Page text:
Craven Community College is transforming hands-on, career-oriented courses into hybrid classes that can be taken online, with lab time  as part of the mix to ensure the necessary hands-on skills are provided to students.  As part of the North Carolina Advanced Manufacturing Alliance, Craven is developing high-tech, mobile courses that displaced workers and others can take online where they live.

By doing so, workers can develop the skills needed for employment and high-quality jobs in growing advanced manufacturing fields such as computer-integrated machining and composites.  

In addition to new staff positions, Craven's $1.6 million share of the three-year federal grant has allowed the college to purchase new, state-of-the-art equipment for use in advanced manufacturing programs.  This equipment matches what is found in industry. Hybrid classes, where the lab component can be done in a short period, are being developed.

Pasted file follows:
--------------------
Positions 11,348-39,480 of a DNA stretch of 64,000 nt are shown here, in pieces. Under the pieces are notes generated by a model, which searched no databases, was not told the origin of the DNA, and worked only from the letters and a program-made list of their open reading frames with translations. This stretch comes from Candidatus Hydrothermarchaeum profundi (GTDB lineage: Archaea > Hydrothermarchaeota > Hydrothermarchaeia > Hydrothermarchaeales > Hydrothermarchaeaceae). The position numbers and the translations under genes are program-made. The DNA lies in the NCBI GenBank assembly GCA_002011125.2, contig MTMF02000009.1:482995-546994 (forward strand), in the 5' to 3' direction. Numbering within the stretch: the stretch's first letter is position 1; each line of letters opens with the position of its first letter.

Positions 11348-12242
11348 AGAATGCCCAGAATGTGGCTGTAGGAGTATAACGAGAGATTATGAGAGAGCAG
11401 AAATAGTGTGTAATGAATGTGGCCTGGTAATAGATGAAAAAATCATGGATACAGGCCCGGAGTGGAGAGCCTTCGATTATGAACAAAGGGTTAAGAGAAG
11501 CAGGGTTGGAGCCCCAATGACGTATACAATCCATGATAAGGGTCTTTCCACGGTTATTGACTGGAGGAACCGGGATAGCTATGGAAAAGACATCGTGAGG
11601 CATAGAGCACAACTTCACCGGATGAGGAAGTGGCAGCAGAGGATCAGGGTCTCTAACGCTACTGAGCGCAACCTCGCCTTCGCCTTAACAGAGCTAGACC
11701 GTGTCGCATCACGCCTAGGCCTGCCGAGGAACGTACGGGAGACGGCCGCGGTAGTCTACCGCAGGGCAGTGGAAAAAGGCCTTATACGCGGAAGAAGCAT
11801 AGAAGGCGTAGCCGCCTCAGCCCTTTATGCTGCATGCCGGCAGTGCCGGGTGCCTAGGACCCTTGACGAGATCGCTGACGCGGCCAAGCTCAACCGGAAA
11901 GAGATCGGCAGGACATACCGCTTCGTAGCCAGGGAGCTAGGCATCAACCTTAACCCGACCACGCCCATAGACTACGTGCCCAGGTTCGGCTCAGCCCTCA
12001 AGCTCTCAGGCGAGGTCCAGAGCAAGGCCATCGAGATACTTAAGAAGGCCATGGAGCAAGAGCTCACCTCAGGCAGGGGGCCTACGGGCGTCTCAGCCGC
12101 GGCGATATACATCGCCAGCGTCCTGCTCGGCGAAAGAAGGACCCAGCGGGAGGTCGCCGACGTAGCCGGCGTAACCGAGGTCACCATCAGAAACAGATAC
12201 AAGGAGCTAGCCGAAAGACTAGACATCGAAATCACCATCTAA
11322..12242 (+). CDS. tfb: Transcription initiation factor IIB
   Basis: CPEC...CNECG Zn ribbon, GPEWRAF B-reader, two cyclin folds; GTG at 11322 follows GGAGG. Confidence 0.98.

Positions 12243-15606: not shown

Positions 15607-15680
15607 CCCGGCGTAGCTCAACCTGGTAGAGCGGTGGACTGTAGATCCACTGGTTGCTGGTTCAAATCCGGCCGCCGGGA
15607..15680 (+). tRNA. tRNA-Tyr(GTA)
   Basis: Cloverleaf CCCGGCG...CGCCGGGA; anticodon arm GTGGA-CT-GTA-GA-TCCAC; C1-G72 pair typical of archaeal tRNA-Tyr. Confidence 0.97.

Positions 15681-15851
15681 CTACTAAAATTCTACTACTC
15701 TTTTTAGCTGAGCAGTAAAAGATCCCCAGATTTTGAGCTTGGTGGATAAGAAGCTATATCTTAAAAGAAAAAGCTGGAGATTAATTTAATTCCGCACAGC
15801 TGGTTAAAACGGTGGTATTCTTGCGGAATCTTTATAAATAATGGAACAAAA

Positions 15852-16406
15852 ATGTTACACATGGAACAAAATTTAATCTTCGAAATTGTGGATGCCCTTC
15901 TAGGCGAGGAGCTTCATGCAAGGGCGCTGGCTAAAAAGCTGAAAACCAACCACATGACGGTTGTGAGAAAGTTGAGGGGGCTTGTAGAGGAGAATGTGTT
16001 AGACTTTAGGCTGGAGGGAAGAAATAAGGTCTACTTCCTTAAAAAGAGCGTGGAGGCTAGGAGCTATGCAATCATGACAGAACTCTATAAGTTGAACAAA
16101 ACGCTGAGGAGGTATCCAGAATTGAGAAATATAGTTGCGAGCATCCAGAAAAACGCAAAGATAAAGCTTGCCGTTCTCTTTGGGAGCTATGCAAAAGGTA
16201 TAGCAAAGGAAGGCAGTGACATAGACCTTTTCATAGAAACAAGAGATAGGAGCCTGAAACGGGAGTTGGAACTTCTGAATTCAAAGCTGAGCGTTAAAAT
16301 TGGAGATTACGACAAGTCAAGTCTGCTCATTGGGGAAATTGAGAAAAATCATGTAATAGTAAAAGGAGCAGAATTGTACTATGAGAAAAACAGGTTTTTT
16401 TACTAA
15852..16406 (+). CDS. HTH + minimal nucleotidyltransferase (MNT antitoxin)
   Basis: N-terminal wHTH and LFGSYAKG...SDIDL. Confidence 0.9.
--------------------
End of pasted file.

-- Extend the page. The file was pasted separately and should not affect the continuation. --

A focus at Craven will be its Composites program. Instructors are working with an Instructional Designer to break down courses into manageable web-based modules that can be developed into courses and posted on iTunes U.

By using video, photos and other techniques, the course content will be brought to life and made user-friendly for online students.  Lab components of the courses will require students to come to Craven or another school.  However, the college is looking at ways to make those visits short and convenient, while still meeting the hands-on components needed to demonstrate competence in an industry setting.